Pradeep Bakshi, MD and CEO of Voltas, is banking on the historic grit of the brand.
Photo: Madhu Kapparath
“It was quite a turbulent phase for Voltas,” recalls Pradeep Bakshi, managing director and chief executive officer of Voltas, alluding to the period between 1993 and 2005. Bakshi, who joined the Tata-owned company in November 2001, recounts the horror story during the ‘second phase’ in the history of the 66-year-old firm. The company struggled, lost market share, and accumulated losses during 12 years starting 1993. In the early 2000s, it exited the business of refrigerators, washing machines and white goods. Though revenue increased from Rs811 crore in FY95 to Rs1,119 crore in five years, PAT (profit after tax) slipped from Rs22 crore to Rs5.5 crore during the same period. The heat was on.
The devastating part, though, was that Voltas was fast losing the plot in the core business of air conditioners (AC). From a market share of over 40 percent in the early 90s, it slipped to sixth or seventh in the pecking order in 2000. First dethroned by American brand Carrier in the early 90s, the Indian company was subsequently aggressively pushed down by South Korean rivals LG and Samsung. “Voltas lost its leadership position,” rues Bakshi. A bunch of deep-pocketed multinationals, he points out, was able to buy market share at Voltas’s expense.
Cut to April 2020. Voltas was entering the new fiscal with a massive tailwind. In spite of a muted consumer durable market and overall slowdown last year, the company managed to increase its revenues by 8 percent; in ACs, it was galloping at a staggering pace of 52 percent; in fact, in it, the company managed to sell over 2.5 lakh units in some months; overall, it was chasing a realistic target of touching the two-million mark. Then came the pandemic, and subsequent lockdown towards the end of March, which spoilt the party. “March, April and May contribute to almost 50 percent of our business,” says Bakshi. Summer, he lets on, got wiped out. In fact, 50 to 60 percent of the business for the AC industry comes between March and June.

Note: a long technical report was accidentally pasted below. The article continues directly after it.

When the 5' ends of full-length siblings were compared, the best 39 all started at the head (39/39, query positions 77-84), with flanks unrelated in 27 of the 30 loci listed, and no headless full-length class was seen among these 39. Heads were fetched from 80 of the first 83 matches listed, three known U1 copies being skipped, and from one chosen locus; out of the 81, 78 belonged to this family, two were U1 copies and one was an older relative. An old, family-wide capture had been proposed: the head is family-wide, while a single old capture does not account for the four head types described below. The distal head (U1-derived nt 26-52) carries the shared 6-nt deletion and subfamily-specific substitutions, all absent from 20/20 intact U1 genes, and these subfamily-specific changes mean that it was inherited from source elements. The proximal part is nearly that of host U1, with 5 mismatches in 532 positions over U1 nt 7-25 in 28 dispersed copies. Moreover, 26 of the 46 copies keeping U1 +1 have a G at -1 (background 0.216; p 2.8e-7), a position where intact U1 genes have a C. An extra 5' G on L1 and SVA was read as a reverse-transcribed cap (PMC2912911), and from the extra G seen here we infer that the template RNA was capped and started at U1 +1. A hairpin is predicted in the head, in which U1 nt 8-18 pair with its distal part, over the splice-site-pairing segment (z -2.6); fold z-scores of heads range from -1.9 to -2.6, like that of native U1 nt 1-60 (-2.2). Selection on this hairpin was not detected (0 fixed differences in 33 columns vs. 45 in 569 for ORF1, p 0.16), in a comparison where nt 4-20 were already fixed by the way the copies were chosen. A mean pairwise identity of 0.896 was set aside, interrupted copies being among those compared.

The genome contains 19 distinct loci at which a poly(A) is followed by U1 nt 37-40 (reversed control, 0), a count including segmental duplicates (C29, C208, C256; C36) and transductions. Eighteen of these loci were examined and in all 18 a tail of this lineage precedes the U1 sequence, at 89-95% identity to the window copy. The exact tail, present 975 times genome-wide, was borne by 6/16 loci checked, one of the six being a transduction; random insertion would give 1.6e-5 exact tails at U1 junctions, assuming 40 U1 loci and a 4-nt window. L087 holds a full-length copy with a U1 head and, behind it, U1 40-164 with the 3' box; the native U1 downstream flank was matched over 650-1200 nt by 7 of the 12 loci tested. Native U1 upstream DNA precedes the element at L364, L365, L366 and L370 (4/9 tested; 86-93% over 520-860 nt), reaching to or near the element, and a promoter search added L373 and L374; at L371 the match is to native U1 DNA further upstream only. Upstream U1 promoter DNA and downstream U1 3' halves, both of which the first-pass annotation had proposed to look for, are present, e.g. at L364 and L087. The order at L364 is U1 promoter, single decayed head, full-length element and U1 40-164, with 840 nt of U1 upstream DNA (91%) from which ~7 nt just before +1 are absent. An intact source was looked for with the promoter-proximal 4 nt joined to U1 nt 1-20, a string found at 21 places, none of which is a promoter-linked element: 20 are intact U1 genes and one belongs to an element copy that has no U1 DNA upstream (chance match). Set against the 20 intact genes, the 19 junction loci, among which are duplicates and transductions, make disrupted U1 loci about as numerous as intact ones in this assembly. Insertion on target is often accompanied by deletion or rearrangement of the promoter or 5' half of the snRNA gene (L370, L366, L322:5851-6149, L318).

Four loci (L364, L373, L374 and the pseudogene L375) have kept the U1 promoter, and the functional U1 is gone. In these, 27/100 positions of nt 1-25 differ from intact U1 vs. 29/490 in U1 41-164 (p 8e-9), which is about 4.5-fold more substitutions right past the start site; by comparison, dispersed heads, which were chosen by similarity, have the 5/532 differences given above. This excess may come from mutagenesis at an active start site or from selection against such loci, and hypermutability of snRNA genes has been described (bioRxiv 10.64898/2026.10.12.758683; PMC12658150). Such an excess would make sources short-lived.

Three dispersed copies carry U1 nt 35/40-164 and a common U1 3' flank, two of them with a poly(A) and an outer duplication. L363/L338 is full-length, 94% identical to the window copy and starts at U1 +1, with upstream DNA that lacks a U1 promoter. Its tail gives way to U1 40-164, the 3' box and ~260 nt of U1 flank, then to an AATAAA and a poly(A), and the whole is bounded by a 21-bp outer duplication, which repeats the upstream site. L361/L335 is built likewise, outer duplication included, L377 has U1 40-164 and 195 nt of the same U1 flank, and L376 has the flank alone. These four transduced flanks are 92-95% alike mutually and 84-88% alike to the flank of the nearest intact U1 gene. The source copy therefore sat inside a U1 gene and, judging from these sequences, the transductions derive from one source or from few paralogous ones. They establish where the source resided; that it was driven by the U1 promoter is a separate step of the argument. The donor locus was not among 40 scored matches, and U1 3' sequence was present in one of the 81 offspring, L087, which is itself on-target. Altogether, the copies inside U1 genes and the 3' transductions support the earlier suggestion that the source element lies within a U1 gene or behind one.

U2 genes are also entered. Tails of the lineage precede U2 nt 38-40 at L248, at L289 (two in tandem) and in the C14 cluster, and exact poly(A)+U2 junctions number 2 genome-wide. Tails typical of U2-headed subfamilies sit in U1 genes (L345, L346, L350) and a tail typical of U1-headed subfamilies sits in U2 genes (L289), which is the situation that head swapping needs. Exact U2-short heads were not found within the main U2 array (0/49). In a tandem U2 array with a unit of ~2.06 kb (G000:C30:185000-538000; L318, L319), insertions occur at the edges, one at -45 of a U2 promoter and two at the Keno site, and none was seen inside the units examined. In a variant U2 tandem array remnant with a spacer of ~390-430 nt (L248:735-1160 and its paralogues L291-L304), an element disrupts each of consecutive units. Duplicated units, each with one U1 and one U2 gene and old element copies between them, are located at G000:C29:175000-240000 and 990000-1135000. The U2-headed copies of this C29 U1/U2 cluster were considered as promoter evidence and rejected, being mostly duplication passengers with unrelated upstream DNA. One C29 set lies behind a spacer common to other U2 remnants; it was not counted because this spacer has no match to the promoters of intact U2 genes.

But June and the months that followed brought a lot of cheer. Voltas posted its highest market share in ACs in June, at 26.9 percent; it ended the first quarter (March-June) of FY21 with a 26.2 percent share, which climbed a tad to 26.6 percent in the July-September period. “Strong performance of the air conditioner franchise in a challenging macro environment was the highlight of this quarter,” underlined Goldman Sachs in its research report early this month.
Performance in the white goods segment, which Voltas re-entered by inking a joint venture—Voltas Beko with Turkey’s Arcelik in 2017—was also encouraging. In refrigerators, it increased its market share from 1.3 percent in FY20 to 1.7 percent at the end of the second quarter of FY21. In washing machines, too, it inched from 1.3 percent to 1.4 percent during the same period. In dishwashers, it sold over 20,000 units in the first six months of this fiscal compared to 400 units during the same period last year. In air coolers, it extended its share from 9.7 percent in FY20 to 10.8 percent by the end of the second quarter. “In the first half of this fiscal, we were two times the No 2 rival, LG, and sold more than three times the other brands,” claims Bakshi. This underlines the resilience of the brand and the team. “We have always bounced back.”
Ask Bakshi, who was appointed MD and CEO in October 2017, the magic mantra, and he swears by one factor. “We kept our cool,” he smiles. Whether it was the turbulent phase of the 90s, or coming from behind and reclaiming the AC throne in 2013 or now re-entering the white goods segment and quickly ramping up market share in fridges and washing machines—a segment now dominated by the same old rivals LG and Samsung—the brand has always stayed the course. “We have not only attained leadership but we have sustained it,” he says. “That's a big task.”